US Ordinance Allowing App Drivers to Unionize Questioned in Lawsuit


The age of digital disruption is here and its presence is being felt even in legal systems. U.S. District Judge Robert Lasnik wrestled with the question of whether a law allowing drivers of ride hailing-apps such as Uber and Lyft to collectively negotiate is valid. The lawsuit initiated by the U.S. Chamber of Commerce asked for the suspension of the ordinance, contending that existing federal laws should prevail over local labor legislation.

The city council of Seattle passed the ordinance unanimously despite the opposition of Mayor Ed Murray. The city argued that the lawsuit was commenced too early since the ordinance is not even in effect yet. It also claimed that the US Chamber of Commerce had no stake in the case since it is not directly affected by the law.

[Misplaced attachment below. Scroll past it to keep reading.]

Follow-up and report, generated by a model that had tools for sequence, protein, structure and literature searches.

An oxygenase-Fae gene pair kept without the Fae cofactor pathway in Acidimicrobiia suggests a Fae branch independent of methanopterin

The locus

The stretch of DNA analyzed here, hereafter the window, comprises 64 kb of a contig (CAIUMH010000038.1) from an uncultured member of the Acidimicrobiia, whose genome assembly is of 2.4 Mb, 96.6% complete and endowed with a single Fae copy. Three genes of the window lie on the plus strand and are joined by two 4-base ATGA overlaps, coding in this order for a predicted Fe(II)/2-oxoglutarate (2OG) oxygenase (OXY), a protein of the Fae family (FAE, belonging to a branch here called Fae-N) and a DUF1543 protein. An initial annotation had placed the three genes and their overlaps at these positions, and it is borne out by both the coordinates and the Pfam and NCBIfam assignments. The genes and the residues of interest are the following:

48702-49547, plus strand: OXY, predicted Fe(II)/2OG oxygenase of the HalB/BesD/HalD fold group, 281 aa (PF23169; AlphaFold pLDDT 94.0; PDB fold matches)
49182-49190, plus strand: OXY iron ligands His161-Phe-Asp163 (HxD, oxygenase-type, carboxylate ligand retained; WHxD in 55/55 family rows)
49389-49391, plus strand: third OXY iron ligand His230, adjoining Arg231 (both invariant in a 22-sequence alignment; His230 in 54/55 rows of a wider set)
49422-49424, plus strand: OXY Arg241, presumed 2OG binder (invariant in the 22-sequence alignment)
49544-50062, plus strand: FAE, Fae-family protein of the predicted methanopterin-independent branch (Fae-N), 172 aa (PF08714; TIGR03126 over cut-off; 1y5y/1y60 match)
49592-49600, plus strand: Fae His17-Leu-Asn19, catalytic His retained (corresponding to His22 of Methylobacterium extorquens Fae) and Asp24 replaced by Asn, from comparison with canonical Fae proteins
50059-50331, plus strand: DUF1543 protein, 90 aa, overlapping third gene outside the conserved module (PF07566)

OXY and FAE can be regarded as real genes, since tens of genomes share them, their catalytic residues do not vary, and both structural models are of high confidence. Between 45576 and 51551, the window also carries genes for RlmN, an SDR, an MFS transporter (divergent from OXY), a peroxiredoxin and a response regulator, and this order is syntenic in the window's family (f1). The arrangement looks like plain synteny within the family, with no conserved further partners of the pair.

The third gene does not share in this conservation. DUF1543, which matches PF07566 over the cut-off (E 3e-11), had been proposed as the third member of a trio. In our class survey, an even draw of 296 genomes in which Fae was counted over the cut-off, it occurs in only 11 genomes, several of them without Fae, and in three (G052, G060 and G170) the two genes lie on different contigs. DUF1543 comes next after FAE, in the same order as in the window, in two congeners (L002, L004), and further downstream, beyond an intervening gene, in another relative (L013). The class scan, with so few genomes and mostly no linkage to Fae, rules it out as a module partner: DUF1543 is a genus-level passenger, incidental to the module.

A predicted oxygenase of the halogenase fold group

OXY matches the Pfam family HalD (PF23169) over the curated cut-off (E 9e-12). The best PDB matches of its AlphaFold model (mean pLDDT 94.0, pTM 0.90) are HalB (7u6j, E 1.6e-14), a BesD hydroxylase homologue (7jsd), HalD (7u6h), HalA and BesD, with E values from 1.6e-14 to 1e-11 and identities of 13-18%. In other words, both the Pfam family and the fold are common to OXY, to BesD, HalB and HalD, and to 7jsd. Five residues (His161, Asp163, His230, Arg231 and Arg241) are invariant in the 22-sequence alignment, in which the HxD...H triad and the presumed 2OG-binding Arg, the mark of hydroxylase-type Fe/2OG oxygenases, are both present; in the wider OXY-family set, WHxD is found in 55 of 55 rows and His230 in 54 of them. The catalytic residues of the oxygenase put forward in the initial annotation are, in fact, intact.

The US Chamber of Commerce, however, countered that the lawsuit was not filed too early because the city already had concrete plans to implement it and that it had standing to bring the case since Uber is one of its members.

Judge Lansik said the case presented an interesting issue that involved new technology. “Cities all over the country that are reacting to it,” the judge said.

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